A full listing of AceMoney’s features can be found on its homepage. (They have a very informative FAQ page, too.) The features are pretty much what you’d expect: AceMoney can track your bank, cash, and credit-card accounts, and it allows for rudimentary budgeting and investment tracking.
|Version Reviewed:||AceMoney Lite v3.19|
|Price:||$39.99 (Full Version)|
|Upgrade Policy:||Free upgrades after initial purchase|
|Operating System(s):||Windows / Linux / Mac OS X|
AceMoney in Action
There’s no visual razzle-dazzle in AceMoney. This is no-frills financial tracking — and that’s certainly not a bad thing, especially if you’ve grown tired of Quicken’s endless bells and whistles and forced advertisements on your desktop.
That’s AceMoney Lite’s “Accounts” page, which doubles duty as the splash page when you open the program. You’ll enter transactions by clicking the name of the appropriate account (it’s a hyperlink that takes you to the Register view) and then clicking the NEW TRANSACTION button in the left sidebar.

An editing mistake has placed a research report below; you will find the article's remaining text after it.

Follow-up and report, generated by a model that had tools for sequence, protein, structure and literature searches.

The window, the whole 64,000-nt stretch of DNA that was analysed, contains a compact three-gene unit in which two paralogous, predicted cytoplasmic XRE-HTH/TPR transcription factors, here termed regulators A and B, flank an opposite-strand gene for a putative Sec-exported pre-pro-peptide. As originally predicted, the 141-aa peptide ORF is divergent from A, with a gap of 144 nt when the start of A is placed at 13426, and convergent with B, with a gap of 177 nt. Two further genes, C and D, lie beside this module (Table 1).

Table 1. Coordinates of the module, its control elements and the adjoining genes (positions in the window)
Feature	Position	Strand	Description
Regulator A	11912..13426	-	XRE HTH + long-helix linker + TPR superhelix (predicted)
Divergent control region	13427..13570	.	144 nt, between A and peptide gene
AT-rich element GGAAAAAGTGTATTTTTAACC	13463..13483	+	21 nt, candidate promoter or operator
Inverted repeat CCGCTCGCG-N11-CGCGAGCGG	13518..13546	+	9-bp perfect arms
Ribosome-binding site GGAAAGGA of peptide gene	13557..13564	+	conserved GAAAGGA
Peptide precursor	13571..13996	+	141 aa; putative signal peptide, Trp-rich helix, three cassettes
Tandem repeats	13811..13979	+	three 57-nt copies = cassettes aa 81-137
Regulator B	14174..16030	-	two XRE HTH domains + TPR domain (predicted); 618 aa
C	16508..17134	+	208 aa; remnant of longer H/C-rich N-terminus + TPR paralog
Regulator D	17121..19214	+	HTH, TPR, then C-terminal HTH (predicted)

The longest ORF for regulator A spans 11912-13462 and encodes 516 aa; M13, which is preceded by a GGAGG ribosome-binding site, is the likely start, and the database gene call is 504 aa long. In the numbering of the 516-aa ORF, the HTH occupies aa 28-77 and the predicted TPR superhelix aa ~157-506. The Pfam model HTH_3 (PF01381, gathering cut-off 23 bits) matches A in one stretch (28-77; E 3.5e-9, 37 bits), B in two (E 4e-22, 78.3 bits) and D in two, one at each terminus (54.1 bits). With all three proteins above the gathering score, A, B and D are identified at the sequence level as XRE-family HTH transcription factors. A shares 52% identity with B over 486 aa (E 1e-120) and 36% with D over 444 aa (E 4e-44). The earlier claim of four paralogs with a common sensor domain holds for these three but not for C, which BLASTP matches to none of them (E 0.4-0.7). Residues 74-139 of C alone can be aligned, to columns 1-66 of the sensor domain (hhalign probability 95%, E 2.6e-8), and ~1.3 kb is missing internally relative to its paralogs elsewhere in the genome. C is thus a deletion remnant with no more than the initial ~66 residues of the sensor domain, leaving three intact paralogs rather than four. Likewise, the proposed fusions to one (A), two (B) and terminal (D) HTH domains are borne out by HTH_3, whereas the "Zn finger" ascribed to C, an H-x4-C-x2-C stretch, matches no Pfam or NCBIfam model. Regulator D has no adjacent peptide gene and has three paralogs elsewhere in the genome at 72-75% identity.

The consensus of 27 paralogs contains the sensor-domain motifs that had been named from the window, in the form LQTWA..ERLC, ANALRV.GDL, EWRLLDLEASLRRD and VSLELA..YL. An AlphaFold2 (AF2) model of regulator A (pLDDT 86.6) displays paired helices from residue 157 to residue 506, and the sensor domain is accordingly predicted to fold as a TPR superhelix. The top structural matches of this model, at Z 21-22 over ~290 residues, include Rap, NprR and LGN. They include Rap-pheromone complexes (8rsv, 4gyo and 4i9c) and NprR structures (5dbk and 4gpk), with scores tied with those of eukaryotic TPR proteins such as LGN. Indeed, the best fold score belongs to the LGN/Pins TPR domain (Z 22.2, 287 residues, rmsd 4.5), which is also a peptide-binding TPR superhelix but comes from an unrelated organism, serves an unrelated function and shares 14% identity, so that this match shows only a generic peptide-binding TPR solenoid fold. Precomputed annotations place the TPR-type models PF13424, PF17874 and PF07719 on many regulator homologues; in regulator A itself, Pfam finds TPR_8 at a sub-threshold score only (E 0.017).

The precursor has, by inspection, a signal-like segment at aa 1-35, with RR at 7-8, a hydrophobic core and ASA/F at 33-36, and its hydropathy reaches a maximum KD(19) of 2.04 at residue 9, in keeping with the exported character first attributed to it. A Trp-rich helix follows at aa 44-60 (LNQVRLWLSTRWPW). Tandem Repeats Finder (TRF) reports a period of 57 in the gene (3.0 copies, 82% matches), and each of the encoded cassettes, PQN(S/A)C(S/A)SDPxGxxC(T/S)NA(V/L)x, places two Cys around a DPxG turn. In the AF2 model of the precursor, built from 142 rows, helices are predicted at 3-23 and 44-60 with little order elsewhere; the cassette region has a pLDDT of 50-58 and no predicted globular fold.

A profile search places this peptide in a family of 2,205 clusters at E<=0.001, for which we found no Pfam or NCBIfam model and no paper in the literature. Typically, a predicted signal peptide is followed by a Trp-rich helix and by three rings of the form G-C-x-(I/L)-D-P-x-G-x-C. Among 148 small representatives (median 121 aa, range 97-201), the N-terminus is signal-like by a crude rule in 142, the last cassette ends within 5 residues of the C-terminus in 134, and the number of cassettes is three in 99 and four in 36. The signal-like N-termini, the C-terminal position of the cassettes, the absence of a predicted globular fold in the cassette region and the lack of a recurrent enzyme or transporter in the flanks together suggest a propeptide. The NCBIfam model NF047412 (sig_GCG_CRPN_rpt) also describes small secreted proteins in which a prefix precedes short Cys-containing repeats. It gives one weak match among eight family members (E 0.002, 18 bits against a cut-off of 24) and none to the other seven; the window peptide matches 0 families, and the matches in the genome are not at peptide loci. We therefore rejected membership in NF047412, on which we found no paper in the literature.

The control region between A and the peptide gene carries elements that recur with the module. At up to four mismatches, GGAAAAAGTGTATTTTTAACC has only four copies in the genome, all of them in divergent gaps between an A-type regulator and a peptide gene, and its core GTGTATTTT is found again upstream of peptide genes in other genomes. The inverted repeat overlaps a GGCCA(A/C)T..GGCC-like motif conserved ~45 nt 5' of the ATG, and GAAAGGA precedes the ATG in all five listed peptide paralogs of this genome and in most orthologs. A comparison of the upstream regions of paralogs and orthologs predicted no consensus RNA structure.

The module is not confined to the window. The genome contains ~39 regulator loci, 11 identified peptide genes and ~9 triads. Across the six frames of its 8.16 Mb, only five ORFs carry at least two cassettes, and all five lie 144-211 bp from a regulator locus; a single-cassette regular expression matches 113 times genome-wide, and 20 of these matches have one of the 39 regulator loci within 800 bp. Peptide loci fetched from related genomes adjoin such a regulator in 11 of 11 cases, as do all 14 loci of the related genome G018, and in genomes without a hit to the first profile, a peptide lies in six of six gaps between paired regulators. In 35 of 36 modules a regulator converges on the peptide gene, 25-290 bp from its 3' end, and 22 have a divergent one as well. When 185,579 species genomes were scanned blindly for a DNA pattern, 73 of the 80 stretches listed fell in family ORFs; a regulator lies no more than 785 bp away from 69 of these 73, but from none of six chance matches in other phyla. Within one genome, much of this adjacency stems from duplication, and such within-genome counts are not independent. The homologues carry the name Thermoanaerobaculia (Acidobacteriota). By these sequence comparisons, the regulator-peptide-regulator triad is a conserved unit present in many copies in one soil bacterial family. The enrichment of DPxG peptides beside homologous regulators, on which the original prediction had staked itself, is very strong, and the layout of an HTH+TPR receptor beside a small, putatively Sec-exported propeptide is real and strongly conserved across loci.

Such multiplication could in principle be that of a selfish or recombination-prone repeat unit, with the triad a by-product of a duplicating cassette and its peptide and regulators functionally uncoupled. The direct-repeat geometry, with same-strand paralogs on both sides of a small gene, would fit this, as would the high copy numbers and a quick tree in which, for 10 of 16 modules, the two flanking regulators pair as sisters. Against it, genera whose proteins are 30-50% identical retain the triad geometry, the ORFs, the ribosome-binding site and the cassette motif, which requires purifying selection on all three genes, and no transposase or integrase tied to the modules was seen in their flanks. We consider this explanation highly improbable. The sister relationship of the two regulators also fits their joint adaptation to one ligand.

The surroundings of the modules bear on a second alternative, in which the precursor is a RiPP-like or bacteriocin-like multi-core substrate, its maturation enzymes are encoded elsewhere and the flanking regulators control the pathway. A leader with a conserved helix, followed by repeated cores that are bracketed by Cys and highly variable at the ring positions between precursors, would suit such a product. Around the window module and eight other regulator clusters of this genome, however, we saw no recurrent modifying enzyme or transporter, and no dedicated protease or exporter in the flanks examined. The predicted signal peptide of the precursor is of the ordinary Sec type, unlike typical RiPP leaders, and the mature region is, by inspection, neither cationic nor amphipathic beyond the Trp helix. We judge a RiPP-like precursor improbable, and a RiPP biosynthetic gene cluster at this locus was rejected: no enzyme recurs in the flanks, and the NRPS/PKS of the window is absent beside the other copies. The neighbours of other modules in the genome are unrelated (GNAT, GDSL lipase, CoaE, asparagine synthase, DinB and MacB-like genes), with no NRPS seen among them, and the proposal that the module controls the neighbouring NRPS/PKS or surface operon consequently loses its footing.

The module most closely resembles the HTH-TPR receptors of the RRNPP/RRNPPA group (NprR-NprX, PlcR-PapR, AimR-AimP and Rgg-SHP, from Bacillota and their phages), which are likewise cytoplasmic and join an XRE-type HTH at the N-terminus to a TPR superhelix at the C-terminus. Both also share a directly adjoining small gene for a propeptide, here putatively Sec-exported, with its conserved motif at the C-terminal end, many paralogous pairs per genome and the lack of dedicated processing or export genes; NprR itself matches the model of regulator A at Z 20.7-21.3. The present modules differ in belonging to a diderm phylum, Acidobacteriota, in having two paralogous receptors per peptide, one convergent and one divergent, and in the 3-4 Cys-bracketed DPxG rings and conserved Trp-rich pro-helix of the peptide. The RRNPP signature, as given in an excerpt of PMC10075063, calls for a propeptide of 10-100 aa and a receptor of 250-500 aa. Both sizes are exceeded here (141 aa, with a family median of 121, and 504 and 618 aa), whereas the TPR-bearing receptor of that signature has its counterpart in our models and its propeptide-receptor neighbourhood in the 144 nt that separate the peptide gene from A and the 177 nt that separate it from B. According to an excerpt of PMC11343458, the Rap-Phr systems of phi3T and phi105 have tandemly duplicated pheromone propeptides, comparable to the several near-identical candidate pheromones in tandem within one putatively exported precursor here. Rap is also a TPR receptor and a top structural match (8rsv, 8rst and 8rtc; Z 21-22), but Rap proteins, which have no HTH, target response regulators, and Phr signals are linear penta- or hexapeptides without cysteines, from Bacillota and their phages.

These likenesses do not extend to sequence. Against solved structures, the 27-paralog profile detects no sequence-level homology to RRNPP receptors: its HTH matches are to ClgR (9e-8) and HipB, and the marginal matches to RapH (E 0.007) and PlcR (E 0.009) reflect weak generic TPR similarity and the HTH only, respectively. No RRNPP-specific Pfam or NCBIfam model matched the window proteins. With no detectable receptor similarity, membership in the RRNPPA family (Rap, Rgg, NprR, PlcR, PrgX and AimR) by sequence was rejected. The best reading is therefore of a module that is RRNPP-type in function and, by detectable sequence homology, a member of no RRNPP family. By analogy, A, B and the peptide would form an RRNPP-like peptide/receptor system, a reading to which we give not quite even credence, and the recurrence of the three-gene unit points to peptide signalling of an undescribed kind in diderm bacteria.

In the full version of AceMoney, your accounts will be grouped by type: Cash Accounts, Bank Accounts, Credit Accounts, and so on.
AceMoney’s Register View
AceMoney’s account registers look like so:
And as for entering new transactions:
This “entering transactions in a separate window” setup differs from programs like Quicken and YNAB, obviously. In them, you enter transactions directly into the register of the account you’re using. This tends to be a much faster method, though (I imagine) harder to program and troubleshoot. In AceMoney, if you have to enter a pile of transactions at one time, having to continually click the NEW TRANSACTION button will be somewhat frustrating and disruptive. (Thankfully, there’s a keyboard shortcut: Pressing the INSERT key pops up the NEW TRANSACTION window as long as you’re in a register.)